There are three types of user present in the Linux OS. These are Normal User, System User and Super User. The Root is the User known for Super User in Linux and in Windows it is known as Administrator. The First of all it is known as the main user for all operating systems operations. In this tutorial we have Discussed about the Rescue and Recover the Password without reinstalling the Linux OS.
Introduction to the Run Level and Single User Mode
Sometimes it may happen that you can’t remember the root password of your Enterprise Linux OS. Normally, your Enterprise Linux runs under runlevel 3 or 5. And booting through runlevel 1 it will allow you to enter into the single-user mode.
So now here we are going to recover a root password using a single user mode. But before that you should know about the Runlevels which are used in the Linux.
There are seven (0-6) runlevels which we use in Linux, here we will not going to discuss deeply about it. Just we take an overlook on it.
- runlevel 0- Is used for halt/shutdown.
- runlevel 1- Is used for single user mode (You can use “s” also to enter into the single user mode).
- runlevel 2- Is used for multi-user mode, but without NFS (means without using the networking).
- runlevel 3- Is used for multi-user mode with NFS and Networking
- runlevel 4- Is not in user (But it is user defined runlevel so you can set your own runlevel [we will discuss it later].
- runlevel 5- Is used for multi-user mode with X-11 (To enter into the graphics mode)
- runlevel 6- Is used for Reboot.
So in this tutorial we use runlevel 1 means single-user mode to recover root password. Few steps to do it.
Recover Root Password using SingleUser Mode on RHEL/CentOS 6
Step-I(Starting of the RHEL / CentOS / Scientific Linux / Oracle Linux OS)
While booting hit arrow keys it will take you to the following window.Use arrow key to select the entry that you want to modify. And hit “e” key to edit this.
After hitting “e” it will take you to the next step.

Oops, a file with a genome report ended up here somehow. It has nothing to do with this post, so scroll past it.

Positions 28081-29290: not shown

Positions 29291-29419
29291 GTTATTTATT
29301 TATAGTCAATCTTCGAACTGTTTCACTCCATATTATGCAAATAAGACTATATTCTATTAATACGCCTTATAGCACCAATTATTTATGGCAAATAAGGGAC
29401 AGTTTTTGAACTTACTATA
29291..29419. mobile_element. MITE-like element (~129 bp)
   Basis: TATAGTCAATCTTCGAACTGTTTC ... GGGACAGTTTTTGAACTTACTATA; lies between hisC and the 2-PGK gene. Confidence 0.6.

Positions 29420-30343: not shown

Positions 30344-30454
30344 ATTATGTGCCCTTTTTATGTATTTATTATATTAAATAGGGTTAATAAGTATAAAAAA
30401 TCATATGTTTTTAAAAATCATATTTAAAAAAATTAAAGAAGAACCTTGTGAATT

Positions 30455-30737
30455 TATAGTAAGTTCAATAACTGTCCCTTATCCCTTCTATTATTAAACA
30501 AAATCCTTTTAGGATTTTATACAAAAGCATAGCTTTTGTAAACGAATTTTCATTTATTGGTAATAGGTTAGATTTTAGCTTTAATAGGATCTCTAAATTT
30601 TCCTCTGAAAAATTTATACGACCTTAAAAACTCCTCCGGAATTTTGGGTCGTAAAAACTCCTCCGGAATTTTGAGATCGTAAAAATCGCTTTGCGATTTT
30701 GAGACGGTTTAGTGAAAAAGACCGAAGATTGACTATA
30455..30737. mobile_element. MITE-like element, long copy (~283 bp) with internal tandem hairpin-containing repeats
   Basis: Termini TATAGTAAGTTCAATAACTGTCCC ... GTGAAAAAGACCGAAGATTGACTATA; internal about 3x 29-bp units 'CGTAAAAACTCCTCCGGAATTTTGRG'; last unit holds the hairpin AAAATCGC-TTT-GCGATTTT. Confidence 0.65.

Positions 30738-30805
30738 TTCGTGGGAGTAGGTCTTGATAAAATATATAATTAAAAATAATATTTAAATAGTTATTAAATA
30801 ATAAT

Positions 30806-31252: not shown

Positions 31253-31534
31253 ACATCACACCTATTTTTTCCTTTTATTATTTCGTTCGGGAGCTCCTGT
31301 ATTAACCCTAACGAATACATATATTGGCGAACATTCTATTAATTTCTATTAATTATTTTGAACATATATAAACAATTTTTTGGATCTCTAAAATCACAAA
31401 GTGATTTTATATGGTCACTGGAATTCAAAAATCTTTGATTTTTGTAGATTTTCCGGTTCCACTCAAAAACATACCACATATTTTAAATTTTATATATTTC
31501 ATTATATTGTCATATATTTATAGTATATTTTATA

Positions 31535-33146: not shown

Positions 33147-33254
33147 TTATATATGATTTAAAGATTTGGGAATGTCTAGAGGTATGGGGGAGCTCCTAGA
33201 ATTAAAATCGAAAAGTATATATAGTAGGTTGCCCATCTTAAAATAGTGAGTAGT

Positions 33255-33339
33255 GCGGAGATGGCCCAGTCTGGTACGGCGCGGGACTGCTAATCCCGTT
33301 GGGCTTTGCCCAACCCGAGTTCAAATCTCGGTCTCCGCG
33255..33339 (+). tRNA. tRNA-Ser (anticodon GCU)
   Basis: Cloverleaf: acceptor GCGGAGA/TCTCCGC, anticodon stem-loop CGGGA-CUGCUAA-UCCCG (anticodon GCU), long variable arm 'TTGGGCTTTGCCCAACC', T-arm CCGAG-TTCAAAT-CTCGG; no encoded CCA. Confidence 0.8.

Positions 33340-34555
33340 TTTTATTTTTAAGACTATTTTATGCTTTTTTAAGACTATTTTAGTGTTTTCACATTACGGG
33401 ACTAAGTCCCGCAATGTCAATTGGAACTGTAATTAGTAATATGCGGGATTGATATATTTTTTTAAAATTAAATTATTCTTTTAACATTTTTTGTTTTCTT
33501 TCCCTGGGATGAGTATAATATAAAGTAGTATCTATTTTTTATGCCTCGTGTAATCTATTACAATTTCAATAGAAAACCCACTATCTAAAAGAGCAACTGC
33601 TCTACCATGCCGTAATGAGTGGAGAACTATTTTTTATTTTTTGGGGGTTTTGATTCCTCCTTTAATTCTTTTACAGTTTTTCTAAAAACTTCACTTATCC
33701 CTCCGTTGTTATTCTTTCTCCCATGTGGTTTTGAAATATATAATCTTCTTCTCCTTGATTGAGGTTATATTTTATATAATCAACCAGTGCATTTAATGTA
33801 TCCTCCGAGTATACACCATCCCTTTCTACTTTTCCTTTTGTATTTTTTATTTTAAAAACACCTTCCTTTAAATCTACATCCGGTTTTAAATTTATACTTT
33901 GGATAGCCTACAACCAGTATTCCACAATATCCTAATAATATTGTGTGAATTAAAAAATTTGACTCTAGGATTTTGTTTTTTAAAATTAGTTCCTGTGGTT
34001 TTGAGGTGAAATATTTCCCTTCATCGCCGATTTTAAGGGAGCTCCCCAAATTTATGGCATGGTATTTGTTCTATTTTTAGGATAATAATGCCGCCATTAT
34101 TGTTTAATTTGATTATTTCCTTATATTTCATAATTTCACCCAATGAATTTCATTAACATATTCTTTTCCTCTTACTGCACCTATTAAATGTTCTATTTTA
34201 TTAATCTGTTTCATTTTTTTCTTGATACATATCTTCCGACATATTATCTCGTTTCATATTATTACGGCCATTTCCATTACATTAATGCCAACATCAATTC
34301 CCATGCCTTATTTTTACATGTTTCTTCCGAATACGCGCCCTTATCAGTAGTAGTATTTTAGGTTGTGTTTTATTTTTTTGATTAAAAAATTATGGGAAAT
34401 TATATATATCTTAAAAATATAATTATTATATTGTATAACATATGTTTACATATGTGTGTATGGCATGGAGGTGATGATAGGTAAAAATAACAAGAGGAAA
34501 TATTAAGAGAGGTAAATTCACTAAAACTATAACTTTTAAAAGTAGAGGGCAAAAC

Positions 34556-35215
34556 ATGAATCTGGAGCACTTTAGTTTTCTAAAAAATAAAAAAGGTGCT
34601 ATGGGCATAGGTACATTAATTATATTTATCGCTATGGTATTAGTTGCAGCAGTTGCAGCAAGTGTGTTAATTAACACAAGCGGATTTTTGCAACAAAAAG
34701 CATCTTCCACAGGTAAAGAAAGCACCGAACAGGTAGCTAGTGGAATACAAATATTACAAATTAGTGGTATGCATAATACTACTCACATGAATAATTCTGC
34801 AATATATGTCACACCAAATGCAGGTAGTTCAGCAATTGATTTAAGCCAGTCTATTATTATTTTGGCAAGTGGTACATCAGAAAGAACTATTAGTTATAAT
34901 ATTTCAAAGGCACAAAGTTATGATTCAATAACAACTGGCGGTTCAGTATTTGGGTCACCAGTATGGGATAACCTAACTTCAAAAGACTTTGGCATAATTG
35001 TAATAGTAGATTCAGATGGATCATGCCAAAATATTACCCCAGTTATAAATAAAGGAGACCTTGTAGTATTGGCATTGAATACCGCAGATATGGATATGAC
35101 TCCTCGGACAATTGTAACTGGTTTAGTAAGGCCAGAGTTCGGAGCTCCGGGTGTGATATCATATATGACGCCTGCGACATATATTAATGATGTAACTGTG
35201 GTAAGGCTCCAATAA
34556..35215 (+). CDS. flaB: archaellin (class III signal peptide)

Step-II(Edit grub setting)
Step-III(Edit kernel arguments)
Step-IV(Boot into single-user Mode)
Step-V(Starting of Single User mode Prompt)
Now it will take back you to the kernel setting prompt. Just press/hit “b” to Boot it from the kernel and it takes you to the single-user mode.
You are now in a single user mode, now you can reset your root password.
Step-VI(Disabled SElinux policy)
First check whether your selinux permits you or not.
It has three content:
- Enforcing-(Does not give you permission to reset your password)
- Permissive-(It gives you permission)
- Disabled-(No policies are loaded)
setenforce 1 is used for enforcing mode and setenforce 0 is used for permissive mode. Now we want permission from
selinux to reset our password just hit following command.
getenforce is a command use to check the selinux policy.
Type setenforce 0 and Hit enter key
Step-VII(Reset Root password)
Step-VIII(Set New Root Password)
Type your password for Root and press enter key.
Retype password and press enter key.
Here I use weak password so it gives Bad Password line. But if you use complicated passwords for your root it won’t give you such a line and it will directly update your token without any difficulty.
Step-IX(Reboot the System)
Now reboot or just hit
init 6 command. And work with root as with your password.
That’s all for now.